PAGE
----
Image/Artifact Promotion Between Environments

I have read a lot of articles/blogs as well as completed the https://lab.github.com/githubtraining/github-actions:-continuous-delivery-with-aws course and I am confused about docker image promotion from staging environment to production environment.

From what I can tell, people are generally rebuilding the docker image between the different environments, and thus technically deploying different artificats between staging and production. Normally, I would think that a docker image should be created and then deployed to a staging environment, and then that same image is then promoted/deployed to the production environment. That way it is known that the images are truly the same.

Is this something that is encouraged to be done using GitHub Actions? Is there a way to promote/deploy an already existing image to a production environment?

@madiganz ,

You can try using the caches to share data between different workflows.

In your case, you can try to cache the build of the image and share it betweent environments in the workflows.

@brightran is this the recommended practice when using something like Gitflow workflow, or is the recommended practice to create different artifacts for each environment (branch)?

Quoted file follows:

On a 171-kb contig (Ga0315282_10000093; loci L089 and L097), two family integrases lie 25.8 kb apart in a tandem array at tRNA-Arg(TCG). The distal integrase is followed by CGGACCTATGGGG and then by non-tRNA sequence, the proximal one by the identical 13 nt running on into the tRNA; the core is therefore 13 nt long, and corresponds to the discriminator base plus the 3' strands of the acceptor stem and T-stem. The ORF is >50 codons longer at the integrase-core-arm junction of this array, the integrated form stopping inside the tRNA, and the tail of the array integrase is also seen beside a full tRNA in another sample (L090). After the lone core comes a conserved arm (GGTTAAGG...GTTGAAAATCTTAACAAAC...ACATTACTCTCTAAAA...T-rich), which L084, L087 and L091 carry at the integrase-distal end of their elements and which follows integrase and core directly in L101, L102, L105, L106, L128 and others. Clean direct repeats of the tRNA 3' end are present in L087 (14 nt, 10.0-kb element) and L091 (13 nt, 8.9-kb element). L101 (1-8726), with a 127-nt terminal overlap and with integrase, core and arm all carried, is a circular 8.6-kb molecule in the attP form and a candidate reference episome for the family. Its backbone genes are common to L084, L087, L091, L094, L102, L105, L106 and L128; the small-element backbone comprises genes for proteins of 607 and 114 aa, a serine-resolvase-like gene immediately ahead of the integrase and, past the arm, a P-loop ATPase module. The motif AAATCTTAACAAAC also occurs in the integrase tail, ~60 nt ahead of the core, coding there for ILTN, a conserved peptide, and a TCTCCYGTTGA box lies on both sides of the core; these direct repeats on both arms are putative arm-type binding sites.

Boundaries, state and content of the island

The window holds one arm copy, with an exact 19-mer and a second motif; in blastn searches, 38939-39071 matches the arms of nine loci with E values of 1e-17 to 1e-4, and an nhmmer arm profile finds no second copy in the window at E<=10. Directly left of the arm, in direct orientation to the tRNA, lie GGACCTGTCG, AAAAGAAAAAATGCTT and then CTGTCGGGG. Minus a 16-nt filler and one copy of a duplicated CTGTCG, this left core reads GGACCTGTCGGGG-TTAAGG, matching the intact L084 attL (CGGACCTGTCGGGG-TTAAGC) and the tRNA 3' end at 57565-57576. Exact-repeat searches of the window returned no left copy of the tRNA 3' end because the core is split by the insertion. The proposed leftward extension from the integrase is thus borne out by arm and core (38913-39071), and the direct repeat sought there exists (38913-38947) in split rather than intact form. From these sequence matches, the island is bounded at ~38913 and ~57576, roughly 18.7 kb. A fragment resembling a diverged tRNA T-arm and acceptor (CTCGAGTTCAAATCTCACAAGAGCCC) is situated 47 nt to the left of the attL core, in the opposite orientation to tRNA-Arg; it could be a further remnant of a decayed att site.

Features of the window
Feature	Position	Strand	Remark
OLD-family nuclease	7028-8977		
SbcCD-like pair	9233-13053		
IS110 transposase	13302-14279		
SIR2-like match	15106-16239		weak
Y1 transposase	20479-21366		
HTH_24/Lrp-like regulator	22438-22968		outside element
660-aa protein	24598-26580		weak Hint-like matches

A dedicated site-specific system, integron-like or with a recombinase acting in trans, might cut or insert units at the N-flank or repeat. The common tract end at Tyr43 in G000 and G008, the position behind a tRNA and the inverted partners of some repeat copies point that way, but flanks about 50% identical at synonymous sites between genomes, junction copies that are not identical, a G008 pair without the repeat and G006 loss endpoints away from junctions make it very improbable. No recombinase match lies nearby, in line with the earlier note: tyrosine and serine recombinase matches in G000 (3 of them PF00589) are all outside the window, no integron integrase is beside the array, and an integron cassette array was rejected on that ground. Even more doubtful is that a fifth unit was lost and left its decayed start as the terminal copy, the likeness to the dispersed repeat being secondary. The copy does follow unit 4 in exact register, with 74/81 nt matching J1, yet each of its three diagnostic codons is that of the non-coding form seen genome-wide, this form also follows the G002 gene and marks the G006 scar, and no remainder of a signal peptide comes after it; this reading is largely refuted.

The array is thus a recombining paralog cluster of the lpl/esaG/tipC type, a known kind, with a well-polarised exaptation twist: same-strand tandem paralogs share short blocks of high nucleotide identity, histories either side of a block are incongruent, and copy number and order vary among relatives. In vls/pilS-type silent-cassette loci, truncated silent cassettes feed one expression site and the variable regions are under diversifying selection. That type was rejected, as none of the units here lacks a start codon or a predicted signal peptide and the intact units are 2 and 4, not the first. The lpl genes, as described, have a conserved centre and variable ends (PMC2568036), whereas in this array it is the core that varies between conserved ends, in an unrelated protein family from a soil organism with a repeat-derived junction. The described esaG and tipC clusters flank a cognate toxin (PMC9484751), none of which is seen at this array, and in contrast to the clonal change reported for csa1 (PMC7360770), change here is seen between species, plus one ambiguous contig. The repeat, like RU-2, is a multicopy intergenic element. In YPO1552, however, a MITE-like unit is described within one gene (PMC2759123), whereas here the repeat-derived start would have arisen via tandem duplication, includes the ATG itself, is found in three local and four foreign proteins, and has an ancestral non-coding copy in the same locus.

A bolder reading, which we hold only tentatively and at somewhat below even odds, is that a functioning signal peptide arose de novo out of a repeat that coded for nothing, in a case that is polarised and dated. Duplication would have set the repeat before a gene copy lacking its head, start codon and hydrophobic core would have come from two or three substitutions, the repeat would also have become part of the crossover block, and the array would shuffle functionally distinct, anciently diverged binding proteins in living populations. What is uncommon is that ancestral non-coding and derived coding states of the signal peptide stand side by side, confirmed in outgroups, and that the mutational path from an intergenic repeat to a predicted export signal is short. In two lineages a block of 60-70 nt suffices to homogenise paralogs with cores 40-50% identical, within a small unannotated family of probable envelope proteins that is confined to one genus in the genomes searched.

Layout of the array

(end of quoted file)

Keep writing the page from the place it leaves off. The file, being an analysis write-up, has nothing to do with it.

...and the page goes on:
@madiganz ,

Actually, I don’t think there are some widely recommended or standard practices about how to create artifacts for different environments.
How you need to do is based on what is your request.

For example, when you build your program with different environments, sometimes the dependent libs or tools may be different due to some reasons (such as different OSs, different supported tool versions), you may need to create the build artifacts in each environment. So that you can test and deploy your program in each environment in the subsequent processes.

When you build your program in a common environment, and no special different configurations for different environments. In this situation, you may just need to create one build artifacts for the subsequent testings and deployments processes.

Currently, we have two methods to pass/share data between different processes (jobs, workflow runs) for GitHub Actions workflows:

1) Artifacts – can be used to share data between different jobs in a same workflow run.

  1. Caches – can be used to share data between different jobs, and different workflow runs.

Caching the docker image seems like it would generally work for my use case. However, it would only stay in the cache for 7 days, so if our testing on the image lasted for 8 days, then the build image would be gone.

I have also looked into using Pull Request labels to specificy the docker image tag. This seems to work okay, but the problem is the build runs for the head branch and not the base branch. So if I merged release into master, this job would run for release that has access to the docker image tag, but a different job would actually test the code in master. I believe this could result in a deployment when the master build workflow fails.

@madiganz ,

GitHub will remove any cache entries that have not been accessed in over 7 days.

This does not mean the caches are only retained 7 days. It just removes the caches have never been accessed in the passed 7 days.

If the last time you (or via workflows) access the cache is in 7 days, the cache will be retained. Of course, the total size of all caches in your repository should not be exceed 5 GB.